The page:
The mitochondrial genetic landscape in neuroblastoma from tumor initiation to relapse
Metrics: PDF 1415 views | HTML 1668 views | ?
Lara M. Riehl1, Johannes H. Schulte2,3, Medhanie A. Mulaw4,5, Meike Dahlhaus1, Matthias Fischer6,7, Alexander Schramm8, Angelika Eggert2, Klaus-Michael Debatin1, Christian Beltinger1
1Department of Pediatrics and Adolescent Medicine, University Medical Center Ulm, Ulm, Germany
2Pediatric Oncology and Hematology, Charité University Medicine, Berlin, Germany
3German Cancer Research Center (DKFZ), German Cancer Consortium (DKTK), Heidelberg, Germany
4Institute for Experimental Cancer Research, University Medical Center Ulm, Ulm, Germany
5Core Facility Genomics, Faculty of Medicine, Ulm University, Ulm, Germany
6Department of Pediatric Oncology and Hematology, University Children’s Hospital Cologne, Medical Faculty, University of Cologne, Cologne, Germany
7Center for Molecular Medicine Cologne (CMMC), University of Cologne, Cologne, Germany
8Department of Pediatric Oncology and Hematology, University Children’s Hospital Essen, Essen, Germany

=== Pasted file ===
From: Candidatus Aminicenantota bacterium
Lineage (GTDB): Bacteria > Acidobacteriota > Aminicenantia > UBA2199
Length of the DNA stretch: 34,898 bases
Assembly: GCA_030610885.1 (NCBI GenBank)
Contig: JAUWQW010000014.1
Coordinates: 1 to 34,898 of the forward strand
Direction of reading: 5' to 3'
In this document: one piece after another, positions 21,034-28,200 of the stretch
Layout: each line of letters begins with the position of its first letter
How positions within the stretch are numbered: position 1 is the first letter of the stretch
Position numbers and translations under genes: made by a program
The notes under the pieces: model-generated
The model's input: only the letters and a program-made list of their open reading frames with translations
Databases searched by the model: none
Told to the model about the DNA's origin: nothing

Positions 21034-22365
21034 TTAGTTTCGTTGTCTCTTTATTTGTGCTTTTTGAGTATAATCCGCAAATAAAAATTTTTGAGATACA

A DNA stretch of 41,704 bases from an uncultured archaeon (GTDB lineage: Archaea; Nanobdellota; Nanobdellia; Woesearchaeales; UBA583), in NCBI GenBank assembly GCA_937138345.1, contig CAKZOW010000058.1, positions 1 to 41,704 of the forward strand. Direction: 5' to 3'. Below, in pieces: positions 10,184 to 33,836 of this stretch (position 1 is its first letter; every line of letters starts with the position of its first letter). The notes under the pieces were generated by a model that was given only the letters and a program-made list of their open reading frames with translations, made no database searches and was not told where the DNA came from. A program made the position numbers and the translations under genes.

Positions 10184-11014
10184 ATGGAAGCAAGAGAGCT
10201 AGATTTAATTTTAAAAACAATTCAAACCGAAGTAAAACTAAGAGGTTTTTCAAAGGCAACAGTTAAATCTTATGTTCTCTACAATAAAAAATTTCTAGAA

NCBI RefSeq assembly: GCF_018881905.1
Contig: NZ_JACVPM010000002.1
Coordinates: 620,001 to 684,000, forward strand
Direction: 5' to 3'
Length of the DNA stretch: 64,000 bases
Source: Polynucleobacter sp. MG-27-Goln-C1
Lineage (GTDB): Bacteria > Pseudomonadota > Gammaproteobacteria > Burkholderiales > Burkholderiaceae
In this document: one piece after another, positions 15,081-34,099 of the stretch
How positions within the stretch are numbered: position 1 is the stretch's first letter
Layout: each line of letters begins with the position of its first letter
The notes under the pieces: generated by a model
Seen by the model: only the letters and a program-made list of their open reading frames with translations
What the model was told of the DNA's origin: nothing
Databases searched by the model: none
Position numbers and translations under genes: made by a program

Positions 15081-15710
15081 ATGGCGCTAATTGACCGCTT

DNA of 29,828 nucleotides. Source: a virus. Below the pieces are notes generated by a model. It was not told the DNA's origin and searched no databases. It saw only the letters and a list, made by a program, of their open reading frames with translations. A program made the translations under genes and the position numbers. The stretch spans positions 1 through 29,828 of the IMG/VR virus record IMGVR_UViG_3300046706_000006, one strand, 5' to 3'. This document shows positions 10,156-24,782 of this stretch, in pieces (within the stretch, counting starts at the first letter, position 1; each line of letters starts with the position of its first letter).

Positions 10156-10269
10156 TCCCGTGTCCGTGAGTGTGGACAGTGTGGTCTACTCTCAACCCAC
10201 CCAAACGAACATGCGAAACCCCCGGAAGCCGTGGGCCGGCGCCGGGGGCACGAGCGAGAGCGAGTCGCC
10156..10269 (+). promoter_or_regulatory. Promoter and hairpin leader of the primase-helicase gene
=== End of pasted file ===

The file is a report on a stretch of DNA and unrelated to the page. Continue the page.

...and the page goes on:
Christian Beltinger, e-mail: [email protected]
Keywords: mitochondrial variants, neuroblastoma, tumor progression, next generation sequencing, phylogenetic analysis
Received: September 01, 2015 Accepted: November 25, 2015 Published: December 28, 2015
Little is known about changes within the mitochondrial (mt) genome during tumor progression in general and during initiation and progression of neuroblastoma (NB) in particular. Whole exome sequencing of corresponding healthy tissue, primary tumor and relapsed tumor from 16 patients with NB revealed that most NB harbor tumor-specific mitochondrial variants. In relapsed tumors, the status of mt variants changed in parallel to the status of nuclear variants, as shown by increased number and spatio-temporal differences of tumor-specific variants, and by a concomitant decrease of germline variants. As mt variants are present in most NB patients, change during relapse and have a higher copy number compared to nuclear variants, they represent a promising new source of biomarkers for monitoring and phylogenetic analysis of NB.
All site content, except where otherwise noted, is licensed under a Creative Commons Attribution 4.0 License.